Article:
John Deere Lawsuits Over “Right to Repair” Consolidated for Pretrial Proceedings

Farmers and small repair shops claim John Deere has illegally monopolized the ability to repair its farm equipment, raising similar allegations of fact and law

A series of John Deere “right to repair” lawsuits will be consolidated before one judge in the federal court system, since they each involve similar class action claims that farmers and small repair shops are prohibited from accessing critical software tools to fix new generation farm equipment sold in recent years.

The John Deere class action claims consumers should have a right to repair equipment they purchased, but claim that the farm equipment giant has equipped its newer model tractors with proprietary software that requires expensive repair costs for services that are only available at certain manufacturer-approved service centers.

Plaintiffs allege John Deere is attempting to monopolize the farm equipment repair market, by prohibiting farmers and small repair shops from access to crucial software repair tools. As a result, the lawsuits claim John Deere is unfairly maximizing profits by restricting the ability for individuals to repair devices on their own, and causing longer downtime of equipment while waiting on approved dealer services. Plaintiffs also argue John Deere often adds clauses that any effort to repair the equipment outside of the use of a John Deere-approved dealer voids any warranties.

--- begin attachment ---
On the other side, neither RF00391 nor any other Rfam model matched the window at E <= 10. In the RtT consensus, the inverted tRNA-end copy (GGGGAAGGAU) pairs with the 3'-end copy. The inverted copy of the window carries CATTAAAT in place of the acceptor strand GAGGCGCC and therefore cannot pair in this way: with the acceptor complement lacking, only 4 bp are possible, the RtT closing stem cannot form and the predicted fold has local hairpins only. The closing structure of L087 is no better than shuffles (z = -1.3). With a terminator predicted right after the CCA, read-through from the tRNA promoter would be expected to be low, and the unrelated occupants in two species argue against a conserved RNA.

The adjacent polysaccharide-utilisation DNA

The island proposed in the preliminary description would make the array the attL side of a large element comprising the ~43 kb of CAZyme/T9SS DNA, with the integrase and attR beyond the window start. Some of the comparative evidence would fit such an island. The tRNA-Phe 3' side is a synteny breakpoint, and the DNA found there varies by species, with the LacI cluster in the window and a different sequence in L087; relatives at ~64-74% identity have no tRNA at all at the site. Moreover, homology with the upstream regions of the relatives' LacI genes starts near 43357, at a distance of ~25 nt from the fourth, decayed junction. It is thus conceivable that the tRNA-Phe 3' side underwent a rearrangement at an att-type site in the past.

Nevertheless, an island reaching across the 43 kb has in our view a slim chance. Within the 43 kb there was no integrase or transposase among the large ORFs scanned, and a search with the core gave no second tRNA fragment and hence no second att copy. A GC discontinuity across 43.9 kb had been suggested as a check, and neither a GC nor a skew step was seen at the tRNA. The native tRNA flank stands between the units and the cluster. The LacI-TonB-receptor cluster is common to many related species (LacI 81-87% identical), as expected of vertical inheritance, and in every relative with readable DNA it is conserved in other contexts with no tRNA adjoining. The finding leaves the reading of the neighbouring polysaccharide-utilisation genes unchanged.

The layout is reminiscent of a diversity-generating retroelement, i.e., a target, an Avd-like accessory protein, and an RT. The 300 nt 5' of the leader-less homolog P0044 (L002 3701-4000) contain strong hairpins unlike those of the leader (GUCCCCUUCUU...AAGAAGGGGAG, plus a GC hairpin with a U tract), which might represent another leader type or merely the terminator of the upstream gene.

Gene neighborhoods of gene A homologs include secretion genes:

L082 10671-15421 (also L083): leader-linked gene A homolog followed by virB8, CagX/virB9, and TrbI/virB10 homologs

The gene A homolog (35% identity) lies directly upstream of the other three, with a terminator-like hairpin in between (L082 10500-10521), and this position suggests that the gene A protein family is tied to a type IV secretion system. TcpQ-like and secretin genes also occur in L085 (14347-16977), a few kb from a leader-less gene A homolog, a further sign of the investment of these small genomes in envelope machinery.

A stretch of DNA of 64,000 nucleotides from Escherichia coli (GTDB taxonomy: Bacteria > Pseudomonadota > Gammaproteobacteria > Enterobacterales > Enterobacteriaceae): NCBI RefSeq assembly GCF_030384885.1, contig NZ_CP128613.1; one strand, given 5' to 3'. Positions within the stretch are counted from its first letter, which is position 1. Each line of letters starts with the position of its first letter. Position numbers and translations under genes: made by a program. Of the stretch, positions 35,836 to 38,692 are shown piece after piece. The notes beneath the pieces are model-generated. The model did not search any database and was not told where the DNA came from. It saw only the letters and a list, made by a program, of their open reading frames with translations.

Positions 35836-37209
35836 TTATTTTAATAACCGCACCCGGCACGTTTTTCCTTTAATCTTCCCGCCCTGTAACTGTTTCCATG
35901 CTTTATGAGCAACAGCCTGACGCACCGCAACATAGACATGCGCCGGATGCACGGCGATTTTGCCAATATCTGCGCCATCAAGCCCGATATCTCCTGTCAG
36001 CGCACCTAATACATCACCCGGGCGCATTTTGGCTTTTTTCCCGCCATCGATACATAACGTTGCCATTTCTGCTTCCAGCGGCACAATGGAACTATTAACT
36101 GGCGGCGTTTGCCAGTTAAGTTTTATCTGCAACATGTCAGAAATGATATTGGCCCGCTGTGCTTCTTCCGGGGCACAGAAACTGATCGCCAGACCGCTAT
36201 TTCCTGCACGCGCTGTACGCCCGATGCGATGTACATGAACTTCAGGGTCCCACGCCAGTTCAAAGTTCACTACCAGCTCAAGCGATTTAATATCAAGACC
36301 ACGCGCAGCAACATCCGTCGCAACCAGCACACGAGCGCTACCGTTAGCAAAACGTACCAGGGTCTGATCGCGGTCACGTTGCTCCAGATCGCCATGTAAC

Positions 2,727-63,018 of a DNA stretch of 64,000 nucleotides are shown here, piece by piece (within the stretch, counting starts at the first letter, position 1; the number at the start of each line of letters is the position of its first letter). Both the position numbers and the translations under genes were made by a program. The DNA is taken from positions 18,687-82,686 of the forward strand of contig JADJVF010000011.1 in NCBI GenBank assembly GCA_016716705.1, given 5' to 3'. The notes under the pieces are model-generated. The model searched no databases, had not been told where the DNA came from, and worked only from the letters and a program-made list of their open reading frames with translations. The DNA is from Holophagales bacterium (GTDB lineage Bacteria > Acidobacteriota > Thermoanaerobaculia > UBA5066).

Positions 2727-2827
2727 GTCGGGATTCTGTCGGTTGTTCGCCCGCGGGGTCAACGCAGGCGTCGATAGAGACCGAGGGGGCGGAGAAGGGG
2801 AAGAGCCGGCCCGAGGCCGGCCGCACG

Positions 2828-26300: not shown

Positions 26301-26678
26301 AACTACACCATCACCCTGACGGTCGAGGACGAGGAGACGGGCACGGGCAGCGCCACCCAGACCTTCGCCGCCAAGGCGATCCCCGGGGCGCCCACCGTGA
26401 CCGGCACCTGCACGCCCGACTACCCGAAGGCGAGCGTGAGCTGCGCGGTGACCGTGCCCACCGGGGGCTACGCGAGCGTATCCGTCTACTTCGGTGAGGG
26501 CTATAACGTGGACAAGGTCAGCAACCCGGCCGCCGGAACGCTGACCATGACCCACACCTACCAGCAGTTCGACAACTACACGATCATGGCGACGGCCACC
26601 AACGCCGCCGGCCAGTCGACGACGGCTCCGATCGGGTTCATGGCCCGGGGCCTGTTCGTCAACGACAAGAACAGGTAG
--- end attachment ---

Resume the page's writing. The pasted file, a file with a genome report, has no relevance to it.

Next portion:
John Deere started equipping newer model tractors with onboard central computers, known as engine control units (ECUs), which are critical to the functionality of the machinery. However, the computers require special diagnostic tools and software to fix or clear errors, preventing the tractors from turning on or performing their primary functions, according to claims raised in at least six John Deere right to repair lawsuits in four separate U.S. District Courts.

After hearing oral arguments last month, the U.S. Judicial Panel on Multidistrict Litigation (JPML) issued a transfer order (PDF) last week, indicating that the litigation will be centralized U.S. District Judge Iain D. Johnston in the Northern District of Illinois, for coordinated discovery and pretrial proceedings.

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“These putative class actions share factual issues arising from allegations that, through various anticompetitive practices, Deere has monopolized the market for repair and maintenance services for Deere agricultural equipment equipped with engine control units by restricting access to necessary repair-related software and diagnostic tools,” the transfer order states. “The actions assert substantially identical claims under the Sherman Act, along with claims of unjust enrichment or promissory estoppel, and seek identical relief.”

The order states the centralization is appropriate given the common questions of fact and law in which will prevent duplicative discovery, inconsistent pretrial rulings and a waste of judicial resources.


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